It's hard enough to scale Mount Everest. It's even harder to reach its summit without an oxygen boost.
While 4,000 hikers have reached the top of the world's tallest mountain since 1953, fewer than 200 have accomplished that feat without supplemental oxygen.
That's what two professional hikers, explorer Adrian Ballinger and photojournalist Cory Richards, recently attempted.
"This was something I'd dreamt about since I was a kid," Ballinger told CNBC's "On The Money" in an interview.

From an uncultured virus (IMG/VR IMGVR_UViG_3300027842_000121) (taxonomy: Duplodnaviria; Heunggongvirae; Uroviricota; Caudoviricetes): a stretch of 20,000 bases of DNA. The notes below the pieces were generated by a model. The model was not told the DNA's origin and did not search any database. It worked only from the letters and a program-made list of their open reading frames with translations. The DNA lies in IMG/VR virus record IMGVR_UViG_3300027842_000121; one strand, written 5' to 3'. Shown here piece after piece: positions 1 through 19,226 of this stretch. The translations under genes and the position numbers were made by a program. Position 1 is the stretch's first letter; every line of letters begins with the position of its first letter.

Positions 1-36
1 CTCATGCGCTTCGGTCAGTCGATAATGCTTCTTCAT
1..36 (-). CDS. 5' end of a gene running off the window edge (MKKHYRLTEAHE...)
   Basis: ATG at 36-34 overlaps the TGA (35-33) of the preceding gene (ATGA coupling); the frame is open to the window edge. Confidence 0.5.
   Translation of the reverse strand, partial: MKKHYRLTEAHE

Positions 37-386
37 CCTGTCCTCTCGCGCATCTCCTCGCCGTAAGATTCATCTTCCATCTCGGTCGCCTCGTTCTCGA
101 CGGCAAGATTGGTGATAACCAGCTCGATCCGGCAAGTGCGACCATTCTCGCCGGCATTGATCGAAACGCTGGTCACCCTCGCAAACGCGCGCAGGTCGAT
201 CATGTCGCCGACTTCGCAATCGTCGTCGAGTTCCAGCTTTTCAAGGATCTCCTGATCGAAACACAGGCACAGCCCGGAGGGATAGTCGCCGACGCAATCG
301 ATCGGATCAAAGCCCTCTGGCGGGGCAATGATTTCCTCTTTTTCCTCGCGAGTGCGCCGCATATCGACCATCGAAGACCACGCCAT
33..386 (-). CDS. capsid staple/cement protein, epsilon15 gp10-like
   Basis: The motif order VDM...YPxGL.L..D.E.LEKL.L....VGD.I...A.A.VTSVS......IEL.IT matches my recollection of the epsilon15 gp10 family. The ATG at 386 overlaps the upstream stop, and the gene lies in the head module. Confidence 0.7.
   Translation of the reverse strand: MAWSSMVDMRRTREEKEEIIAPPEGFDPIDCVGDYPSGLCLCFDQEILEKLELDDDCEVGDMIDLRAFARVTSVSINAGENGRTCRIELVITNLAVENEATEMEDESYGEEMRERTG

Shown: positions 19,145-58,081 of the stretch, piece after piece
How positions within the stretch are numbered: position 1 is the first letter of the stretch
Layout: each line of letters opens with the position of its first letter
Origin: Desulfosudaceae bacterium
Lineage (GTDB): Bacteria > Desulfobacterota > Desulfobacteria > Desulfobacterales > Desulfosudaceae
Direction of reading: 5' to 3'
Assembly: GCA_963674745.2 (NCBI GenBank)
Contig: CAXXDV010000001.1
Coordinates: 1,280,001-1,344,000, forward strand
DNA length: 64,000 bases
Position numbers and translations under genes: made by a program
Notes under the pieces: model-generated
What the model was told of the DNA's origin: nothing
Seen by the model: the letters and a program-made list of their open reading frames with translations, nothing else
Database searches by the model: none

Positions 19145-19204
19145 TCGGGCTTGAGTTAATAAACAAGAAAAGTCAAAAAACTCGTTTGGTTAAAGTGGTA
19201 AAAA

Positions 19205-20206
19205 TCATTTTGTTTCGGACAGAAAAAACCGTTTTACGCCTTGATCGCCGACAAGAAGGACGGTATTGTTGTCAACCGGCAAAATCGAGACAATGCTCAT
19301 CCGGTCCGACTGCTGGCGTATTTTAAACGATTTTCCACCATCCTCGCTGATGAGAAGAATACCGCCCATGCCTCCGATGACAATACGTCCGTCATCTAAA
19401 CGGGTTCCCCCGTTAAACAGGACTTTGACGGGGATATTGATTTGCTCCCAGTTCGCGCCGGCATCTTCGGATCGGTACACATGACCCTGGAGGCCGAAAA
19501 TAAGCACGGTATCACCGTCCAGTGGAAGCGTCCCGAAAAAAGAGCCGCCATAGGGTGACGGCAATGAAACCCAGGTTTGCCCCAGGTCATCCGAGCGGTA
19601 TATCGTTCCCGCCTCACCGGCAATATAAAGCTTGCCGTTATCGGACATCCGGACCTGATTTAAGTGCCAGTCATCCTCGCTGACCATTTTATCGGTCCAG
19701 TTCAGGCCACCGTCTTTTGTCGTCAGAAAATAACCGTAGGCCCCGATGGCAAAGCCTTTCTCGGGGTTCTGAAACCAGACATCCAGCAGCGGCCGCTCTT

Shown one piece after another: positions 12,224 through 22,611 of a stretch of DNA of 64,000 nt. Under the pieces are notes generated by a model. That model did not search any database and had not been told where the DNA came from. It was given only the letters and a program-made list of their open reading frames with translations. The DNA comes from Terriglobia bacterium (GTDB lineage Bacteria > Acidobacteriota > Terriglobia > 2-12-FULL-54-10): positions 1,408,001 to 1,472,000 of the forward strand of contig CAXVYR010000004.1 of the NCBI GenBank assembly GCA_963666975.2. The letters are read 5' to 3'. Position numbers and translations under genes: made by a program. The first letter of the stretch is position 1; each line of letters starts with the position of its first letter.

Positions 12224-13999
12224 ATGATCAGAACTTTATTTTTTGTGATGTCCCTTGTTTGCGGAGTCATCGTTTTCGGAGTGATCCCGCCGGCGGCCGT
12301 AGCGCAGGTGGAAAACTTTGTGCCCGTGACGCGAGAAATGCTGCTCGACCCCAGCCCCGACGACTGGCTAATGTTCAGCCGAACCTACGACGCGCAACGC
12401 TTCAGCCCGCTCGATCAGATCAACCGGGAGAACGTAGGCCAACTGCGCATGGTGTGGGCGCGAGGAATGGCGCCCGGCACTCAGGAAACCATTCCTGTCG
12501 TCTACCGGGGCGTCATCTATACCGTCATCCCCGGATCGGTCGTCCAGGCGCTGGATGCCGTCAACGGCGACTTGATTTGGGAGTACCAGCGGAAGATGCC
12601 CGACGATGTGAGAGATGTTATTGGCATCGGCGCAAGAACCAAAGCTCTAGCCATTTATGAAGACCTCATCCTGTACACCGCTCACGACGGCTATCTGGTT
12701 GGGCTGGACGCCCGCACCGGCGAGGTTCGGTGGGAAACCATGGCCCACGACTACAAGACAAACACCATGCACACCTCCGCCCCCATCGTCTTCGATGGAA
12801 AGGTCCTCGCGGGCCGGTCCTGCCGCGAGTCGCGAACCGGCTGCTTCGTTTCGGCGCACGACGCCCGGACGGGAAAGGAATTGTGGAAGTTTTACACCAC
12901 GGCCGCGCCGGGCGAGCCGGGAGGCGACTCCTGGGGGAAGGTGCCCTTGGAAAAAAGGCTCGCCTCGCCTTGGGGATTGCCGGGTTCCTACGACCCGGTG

Both survived. Yet only one made it to the top successfully.
Ballinger described the moment he knew he had to turn around. AT "1500 feet from the summit, [it] got dangerously cold," he said. Ballinger was "shivering uncontrollably," he added.
"There was no question in the decision. I had to turn around. I had to come down," said the explorer, who has reached the summit of Everest six times before (but each time with oxygen).